Combating opioid epidemic, repealing ObamaCare will hurt the cause
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The same Congress that last year banded together to pass a comprehensive bill aimed at tackling the virulent opioid epidemic sweeping the nation came close to dismantle underlying insurance protections that provide a valuable tool toward reducing staggering addictions statistics.

Elections have consequences, and one of the major impacts from the continued Republican hold on the U.S. Congress — combined with the ascension of President Donald TrumpDonald TrumpSanders: Trump will fight 'fire with fire' GOP congresswoman condemns Trump tweet: 'This is not okay' New York Times staff to stage protest over job cuts MORE to the White House and Rep. Tom Price (R-Ga.) to head the Department of Health and Human Services — is the desire to gut the Affordable Care Act (ACA), otherwise known as ObamaCare.

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Whether you oppose or support the mandatory healthcare coverage for all Americans, ACA includes a requirement that insurance plans provide a base package of essential health benefits. These benefits include mental health and substance use disorder services, including counseling and psychotherapy.

 

While on the campaign trail, Trump did not have a well-articulated plan for a replacement healthcare plan or how to adequately address the opioid addiction. The only inkling of a plan he presented was to build a wall between the U.S. and Mexico to staunch the perceived flow of heroin from entering the country. With all due respect to the president, it’s not that easy. According to the National Institute on Drug Abuse, nearly two million Americans are addicted to prescription pain relievers, often the gateway to heroin use; four out of five new heroin users started off misusing prescription pain drugs. This is not a criminal justice problem. It’s not an immigration problem. Opioid addiction is a public health crisis that deserves a public health response.

But the drive to dismantle the previous president’s legacy seems to override logic.

While efforts on in Congress to repeal and replace ObamaCare failed last week, the effort will not go away. Trump has already taken initial steps to rein in the ACA, a move that runs contrary to his stated desire to help those suffering from opioid addiction. Full repeal of ObamaCare would gut major benefits and protections for the estimated 60 million Americans who suffer from mental illness and substance abuse disorders, which according to the latest Surgeon General's report, often go hand-in-hand.

Thirty-one states and the District of Columbia expanded eligibility for the state-federal low-income health insurance program under ObamaCare, giving previously uncovered Americans access to substance abuse services. The law requires states that expanded Medicaid programs to include substance abuse treatment coverage, through ACA allows the states to choose types of treatments and medications covered. If Congress dismantles the law, what happens to the people who desperately need these critical services? We should not be eliminating access to treatment at a time when opioid abuse statistics are staggering.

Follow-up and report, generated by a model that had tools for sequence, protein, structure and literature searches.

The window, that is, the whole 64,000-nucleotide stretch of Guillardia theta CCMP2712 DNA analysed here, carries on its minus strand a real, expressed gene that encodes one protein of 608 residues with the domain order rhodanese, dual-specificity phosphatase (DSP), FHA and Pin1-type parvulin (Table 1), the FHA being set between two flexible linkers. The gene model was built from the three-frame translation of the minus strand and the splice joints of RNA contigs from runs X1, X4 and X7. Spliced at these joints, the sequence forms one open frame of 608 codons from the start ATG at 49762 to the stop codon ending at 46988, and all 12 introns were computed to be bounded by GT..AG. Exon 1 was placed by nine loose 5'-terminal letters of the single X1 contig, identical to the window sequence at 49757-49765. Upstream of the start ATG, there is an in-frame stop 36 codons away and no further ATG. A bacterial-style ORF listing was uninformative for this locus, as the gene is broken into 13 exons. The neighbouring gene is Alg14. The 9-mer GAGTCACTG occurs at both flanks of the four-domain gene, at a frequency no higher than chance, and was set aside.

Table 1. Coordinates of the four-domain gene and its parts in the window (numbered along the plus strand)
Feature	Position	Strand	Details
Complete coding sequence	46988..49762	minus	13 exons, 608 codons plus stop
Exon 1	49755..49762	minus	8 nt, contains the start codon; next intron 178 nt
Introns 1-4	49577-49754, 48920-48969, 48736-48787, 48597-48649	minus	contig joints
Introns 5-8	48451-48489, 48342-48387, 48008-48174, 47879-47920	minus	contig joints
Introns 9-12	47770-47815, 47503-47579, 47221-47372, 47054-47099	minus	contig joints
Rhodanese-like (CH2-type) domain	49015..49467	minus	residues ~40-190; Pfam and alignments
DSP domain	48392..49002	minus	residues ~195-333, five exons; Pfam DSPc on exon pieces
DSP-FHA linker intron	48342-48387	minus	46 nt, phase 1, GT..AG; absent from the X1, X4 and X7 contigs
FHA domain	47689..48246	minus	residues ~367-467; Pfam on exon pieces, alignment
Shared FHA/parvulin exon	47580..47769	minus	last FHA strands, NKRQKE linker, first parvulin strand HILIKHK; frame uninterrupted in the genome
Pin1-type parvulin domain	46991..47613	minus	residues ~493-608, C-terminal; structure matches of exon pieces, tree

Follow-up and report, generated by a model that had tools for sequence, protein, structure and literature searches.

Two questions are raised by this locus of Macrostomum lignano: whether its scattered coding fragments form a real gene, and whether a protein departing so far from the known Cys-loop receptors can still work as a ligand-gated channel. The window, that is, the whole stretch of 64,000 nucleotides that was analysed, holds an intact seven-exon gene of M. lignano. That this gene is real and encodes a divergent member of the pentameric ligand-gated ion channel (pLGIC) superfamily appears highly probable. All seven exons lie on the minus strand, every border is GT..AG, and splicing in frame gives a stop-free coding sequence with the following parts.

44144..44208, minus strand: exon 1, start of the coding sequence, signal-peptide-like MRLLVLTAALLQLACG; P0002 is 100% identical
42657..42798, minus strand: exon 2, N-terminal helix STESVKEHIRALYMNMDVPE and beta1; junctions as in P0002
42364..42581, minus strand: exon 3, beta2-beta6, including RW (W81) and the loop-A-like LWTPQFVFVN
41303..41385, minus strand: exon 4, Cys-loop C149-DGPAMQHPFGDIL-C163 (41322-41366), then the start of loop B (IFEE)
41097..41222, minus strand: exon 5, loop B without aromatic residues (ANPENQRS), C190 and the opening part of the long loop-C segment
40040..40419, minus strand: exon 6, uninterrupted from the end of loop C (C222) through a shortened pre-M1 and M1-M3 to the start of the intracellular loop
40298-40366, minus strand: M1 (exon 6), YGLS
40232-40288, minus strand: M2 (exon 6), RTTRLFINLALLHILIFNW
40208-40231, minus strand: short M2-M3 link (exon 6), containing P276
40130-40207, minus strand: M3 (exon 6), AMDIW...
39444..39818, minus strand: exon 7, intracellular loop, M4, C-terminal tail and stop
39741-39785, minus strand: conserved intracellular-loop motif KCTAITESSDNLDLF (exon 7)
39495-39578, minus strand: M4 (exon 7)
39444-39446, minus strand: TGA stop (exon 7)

According to the Centers for Disease Control and Prevention (CDC), overdose deaths have quadrupled since 2000. In North Dakota, the number of death overdose cases increased 125 percent between 2013 and 2014 but Rep. Kevin Cramer (R-N.D.) and delegation mate Sen. John HoevenJohn HoevenThe Hill's Whip List: GOP undecided, 'no' votes pile up on ObamaCare repeal bill GOP considers keeping ObamaCare taxes Senators want governors involved in health talks MORE (R-N.D.) have both vowed to overturn ACA. In New Hampshire, a key battleground state Trump won in the primaries and barely lost to Secretary Hillary ClintonHillary Rodham ClintonGrassley: Why hasn't acting FBI chief recused himself on Flynn? GOP touts FBI probe into Sanders’s wife Labor’s lonely decline MORE in the general election, the overdose death rate rose by nearly 75 percent in the same time period. Voting for repeal will hamstring not just these states but myriad others were the epidemic rages.

Some Members of Congress seem eager to take down the law not because it isn’t working, but as a parting shot at the last president. Those who represent states and districts suffering from opioid addiction ought to take a second look at the law’s benefits to their constituents. As opioid addiction becomes more deeply rooted, we need more paths toward recovery, not fewer.

My hope, as a physician specializing in pain who has witnessed the path to addiction all too often, is that the Congress that overwhelmingly passed the Comprehensive Addiction and Recovery Act will also, as they look ahead, work to protect those elements of ACA that help ensure continued access to the counseling, treatment and drugs necessary to address this disease. Walls and cops are not the prescribed solution.

Mehul Desai MD, president of the International Spine, Pain & Performance Center, is board certified in Pain Medicine and Physical Medicine & Rehabilitation. He is the Legislative Fellow of the North American Neuromodulation Society.


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